As recently as July 2021, without any prior notice, the authorities in Accra, Ghana’s capital city, sent armed demolition forces to destroy a well-known scrapyard that employs an estimated 8,000 workers.
Nigerian courts have condemned such attacks as “unconstitutional” and an “infringement” against protection from “cruel and degrading treatment”. Nonetheless, Lagos authorities continue to ignore the court’s lawful orders and subject thousands of the city’s informal workers to forced displacements. Ironically, the authorities often justify evictions on the grounds that the workers’ activities violate planning and land-use regulations.
Some of these justifications have been found to be superficial at best and sometimes disconnected from reality. For instance, in 2002, city authorities in Accra noted that residents in Old Fadama (Ghana’s largest informal settlement) were significantly destroying adjoining water bodies like the Korle Lagoon, and thus needed to be evicted.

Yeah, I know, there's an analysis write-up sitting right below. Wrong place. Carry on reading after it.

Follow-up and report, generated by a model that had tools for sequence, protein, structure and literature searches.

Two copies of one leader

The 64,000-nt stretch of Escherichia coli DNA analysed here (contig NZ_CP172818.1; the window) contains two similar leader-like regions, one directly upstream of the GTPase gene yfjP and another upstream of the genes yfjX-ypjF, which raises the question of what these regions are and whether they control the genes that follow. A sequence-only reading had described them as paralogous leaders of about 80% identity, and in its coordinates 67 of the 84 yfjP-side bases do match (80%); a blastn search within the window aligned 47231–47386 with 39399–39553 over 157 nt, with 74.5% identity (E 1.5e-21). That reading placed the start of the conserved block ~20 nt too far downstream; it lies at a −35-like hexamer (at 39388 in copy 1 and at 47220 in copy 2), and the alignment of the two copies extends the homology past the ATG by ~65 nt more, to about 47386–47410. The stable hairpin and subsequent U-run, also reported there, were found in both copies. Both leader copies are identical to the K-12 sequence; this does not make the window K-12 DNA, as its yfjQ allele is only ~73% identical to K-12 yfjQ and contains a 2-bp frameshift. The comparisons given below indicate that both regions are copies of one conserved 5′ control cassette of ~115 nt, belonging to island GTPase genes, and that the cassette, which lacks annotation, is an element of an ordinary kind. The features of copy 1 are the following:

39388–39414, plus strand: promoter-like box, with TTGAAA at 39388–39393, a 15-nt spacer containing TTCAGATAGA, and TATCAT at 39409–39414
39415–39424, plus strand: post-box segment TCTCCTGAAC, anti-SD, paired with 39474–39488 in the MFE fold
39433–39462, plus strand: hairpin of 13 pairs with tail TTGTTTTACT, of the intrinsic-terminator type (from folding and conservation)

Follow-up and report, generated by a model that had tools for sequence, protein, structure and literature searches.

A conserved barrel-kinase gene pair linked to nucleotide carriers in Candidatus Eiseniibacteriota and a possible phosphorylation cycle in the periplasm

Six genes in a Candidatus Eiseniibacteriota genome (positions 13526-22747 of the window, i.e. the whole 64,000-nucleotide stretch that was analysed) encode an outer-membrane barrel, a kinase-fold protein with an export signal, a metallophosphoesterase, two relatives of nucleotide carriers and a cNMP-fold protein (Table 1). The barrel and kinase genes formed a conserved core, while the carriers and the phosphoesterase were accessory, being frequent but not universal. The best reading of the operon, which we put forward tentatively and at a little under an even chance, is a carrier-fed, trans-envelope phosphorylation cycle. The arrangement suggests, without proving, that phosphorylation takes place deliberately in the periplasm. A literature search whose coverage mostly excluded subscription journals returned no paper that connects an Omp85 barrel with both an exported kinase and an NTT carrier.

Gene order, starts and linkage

However, studies by the now-defunct Center on Housing Rights and Evictions (COHRE) and the Department of Biological and Environmental Sciences at the University of Jyvaskyla in Finland uncovered contrary findings: Old Fadama residents were only minor contributors to the destruction of water bodies. Both studies, thus, concluded that upgrading would have been the more appropriate and practical solution rather than eviction.
This points to the deeply flawed and problematic rationale and justifications authorities generally use to mask their true intentions of evicting and displacing informal households and workers.
Hurting women more
As our review of the ILO study shows, women dominate Africa’s informal economy and, therefore, stand to lose the most when informal businesses and informal communities generally are destroyed through evictions.
Already, African women remain some of the heavily marginalised class of people in the continent, with the Covid-19 pandemic deteriorating their already bad situations even further.